World War I: The War to End All Wars

World War I: The War to End All Wars

The First World War, sometimes known as WWI or WW1, was a global conflict that began in Europe and continued from 28 July 1914 to 11 November 1918. The Great War, often known as the World War and "the war to end all wars," was fought between 1914 and 1918. It mobilised almost 70 million armed troops, including 60 million Europeans, making it one of the most massive wars ever fought. It was also one of the worst wars in history, with an estimated 8.5 million combatants and 13 million civilians killed directly due to the battle. The genocides that followed and the 1918 Spanish flu pandemic resulted in an additional 17–100 million deaths globally, with an estimated 2.64 million deaths in Europe and as many as 675,000 in the United States.

Gavrilo Princip, a Bosnian Serb Yugoslav pro-autonomy and member of the Serbian Black Hand military organisation, murdered Archduke Franz Ferdinand of Austria-Hungary in Sarajevo on 28 June 1914 sparking the July Crisis. In response, on 23 July, Austria-Hungary issued an ultimatum to Serbia. The Austrians were not satisfied with Serbia's response, and the two countries went to war. The crisis grew from a bilateral issue in the Balkans to one encompassing most of Europe due to a web of interlocking alliances. By July 1914, Europe's leading nations had split into two associations. The Triple Alliance included Germany, Austria-Hungary, and Italy, and the Triple Entente, which included France, Russia, and the United Kingdom. The Triple Alliance was purely defensive, allowing Italy to stay out of the war until 26 April 1915, when ties with Austria-Hungary worsened and joined the Allied Powers. After Austria-Hungary attacked the Serbian capital of Belgrade, which was only a few kilometres from the border, on 28 July 1914, Russia believed it was imperative to support Serbia and ordered partial mobilisation. On the evening of 30 July, Russia announced a total rally; the next day, Austria-Hungary and Germany did the same, with Germany demanding that Russia demobilise within twelve hours. When Russia declined, Germany professed war on Russia on 1 August 1914, supporting Austria-Hungary, which did so on 6 August 1914. On 2 August 1914, France ordered a complete mobilisation in support of Russia. The Associated Powers, primarily collected of the United Kingdom of Great Britain and Ireland, the United States, France, the Russian Empire, Italy, Japan, Portugal, Greece, Serbia and Montenegro, and the Central Powers, primarily composed of the German Empire, the Austro-Hungarian Empire, and the Ottoman Empire; and the Central Powers, consisting mainly of the German Empire, the Austro-Hungarian Empire, and the Ottoman Empire.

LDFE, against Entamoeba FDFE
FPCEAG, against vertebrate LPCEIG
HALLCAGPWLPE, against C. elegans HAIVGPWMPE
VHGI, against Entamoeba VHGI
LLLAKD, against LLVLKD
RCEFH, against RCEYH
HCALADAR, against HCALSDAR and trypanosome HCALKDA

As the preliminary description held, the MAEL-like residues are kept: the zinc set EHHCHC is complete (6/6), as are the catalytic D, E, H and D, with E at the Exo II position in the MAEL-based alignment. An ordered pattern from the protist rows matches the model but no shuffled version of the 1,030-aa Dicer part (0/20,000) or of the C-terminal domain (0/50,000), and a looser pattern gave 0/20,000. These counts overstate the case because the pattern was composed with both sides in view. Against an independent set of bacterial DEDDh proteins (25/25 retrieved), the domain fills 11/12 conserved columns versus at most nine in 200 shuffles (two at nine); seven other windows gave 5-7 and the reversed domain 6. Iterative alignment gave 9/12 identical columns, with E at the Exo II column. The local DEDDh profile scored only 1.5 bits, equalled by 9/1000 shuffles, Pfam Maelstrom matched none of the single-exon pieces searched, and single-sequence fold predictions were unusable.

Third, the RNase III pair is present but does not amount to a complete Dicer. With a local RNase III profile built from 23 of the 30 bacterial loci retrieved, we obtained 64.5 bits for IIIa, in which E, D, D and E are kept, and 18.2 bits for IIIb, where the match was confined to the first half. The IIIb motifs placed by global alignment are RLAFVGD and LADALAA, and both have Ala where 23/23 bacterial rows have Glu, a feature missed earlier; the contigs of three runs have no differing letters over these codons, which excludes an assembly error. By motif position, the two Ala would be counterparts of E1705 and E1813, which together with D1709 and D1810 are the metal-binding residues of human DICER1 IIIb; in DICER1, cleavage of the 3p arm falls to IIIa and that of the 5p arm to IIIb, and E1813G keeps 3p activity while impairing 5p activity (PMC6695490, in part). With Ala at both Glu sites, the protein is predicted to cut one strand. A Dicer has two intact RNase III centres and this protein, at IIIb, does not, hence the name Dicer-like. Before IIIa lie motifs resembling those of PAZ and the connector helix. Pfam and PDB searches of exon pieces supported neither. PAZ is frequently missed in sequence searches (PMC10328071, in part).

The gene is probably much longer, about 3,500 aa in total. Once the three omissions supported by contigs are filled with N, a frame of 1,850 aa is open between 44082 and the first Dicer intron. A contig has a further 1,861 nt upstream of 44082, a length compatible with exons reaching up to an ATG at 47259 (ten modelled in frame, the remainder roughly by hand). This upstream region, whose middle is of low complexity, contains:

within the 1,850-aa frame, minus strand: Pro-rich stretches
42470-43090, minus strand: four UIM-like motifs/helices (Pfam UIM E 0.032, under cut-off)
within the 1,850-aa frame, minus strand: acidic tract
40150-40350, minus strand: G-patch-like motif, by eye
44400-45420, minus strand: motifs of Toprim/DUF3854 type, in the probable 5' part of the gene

Germany's strategy for a two-front war against France and Russia was to concentrate the bulk of its army in the West for six weeks to beat France, then shift forces to the East before Russia could fully mobilise; this became known as the Schlieffen Plan. Germany wanted unrestricted passage through Belgium on 2 August, a requirement for a swift victory over France. When this was refused, German soldiers attacked Belgium on 3 August and professed war on France the same day; the Belgian government raised the 1839 Treaty of London. Britain professed combat on Germany on 4 August, following its responsibilities under the Treaty. Britain and France declared war on Austria-Hungary on 12 August, and Japan joined with Britain on 23 August, taking German assets in China and the Pacific. The Ottoman Empire joined the war in November 1914, siding with Austria-Hungary and Germany and establishing fronts in the Mesopotamia, Caucasus and the Sinai Peninsula. The battle was fought and drew upon each power's colonial empire, expanding the fight over Africa and the world.

The Combat of the Marne stopped the German push into France, and by the end of 1914, the Western Front had settled into a battle of attrition, typified by a long sequence of trench lines that didn't change much till 1917. The Eastern Front, by difference, was marked by much greater exchanges of territory. Italy joined the Allies in 1915 and established a front in the Alps. Bulgaria merged the Central Powers in 1915, and Greece joined the Allies in 1917, broadening the scope of the conflict in the Balkans. The United States initially stayed neutral, but it became a significant source of war material to the Allies even while neutral. Finally, following the sinking of American merchant ships by German submarines, Germany's declaration that its navy would recommence unobstructed attacks on unbiassed shipping, and evidence that Germany was attempting to incite Mexico to declare war on the United States, the United States declared war on Germany on 6 April 1917. Although trained American men would not arrive in large numbers at the front until mid-1918, the American Expeditionary Force eventually grew to over two million troops.

Even though Serbia was beaten in 1915 and Romania joined the Allied Nations in 1916 only to be beaten in 1917, none of the major powers was defeated until 1918. The Provisional Government replaced the Monarchy in Russia after the February Revolution in 1917. Still, continued dissatisfaction with the war's cost led to the October Revolution, the formation of the Soviet Socialist Republic, and the new government's signing of the Treaty of Brest-Litovsk in March 1918, effectively ending Russia's involvement in the war. Germany had gained control of much of eastern Europe and had dispatched a considerable number of combat troops to the Western Front. The German March 1918 Offensive was firstly successful, thanks to new tactics. The Allies retreated and held their ground. As 10,000 more American forces came every day, the last of the German reserves were depleted. In their Hundred Days Offensive, the Allies pushed the Germans back with a series of attacks against which the Germans had no countermove. The Central Powers left one by one: Bulgaria (29 September), the Ottoman Empire (31 October), and the Austro-Hungarian Empire (1 November). (3 November). With its allies vanquished, a revolution at home, and a military unwilling to fight, Kaiser Wilhelm abdicated on 9 November 1918. Germany contracted a settlement on 11 November 1918, bringing the war to a close.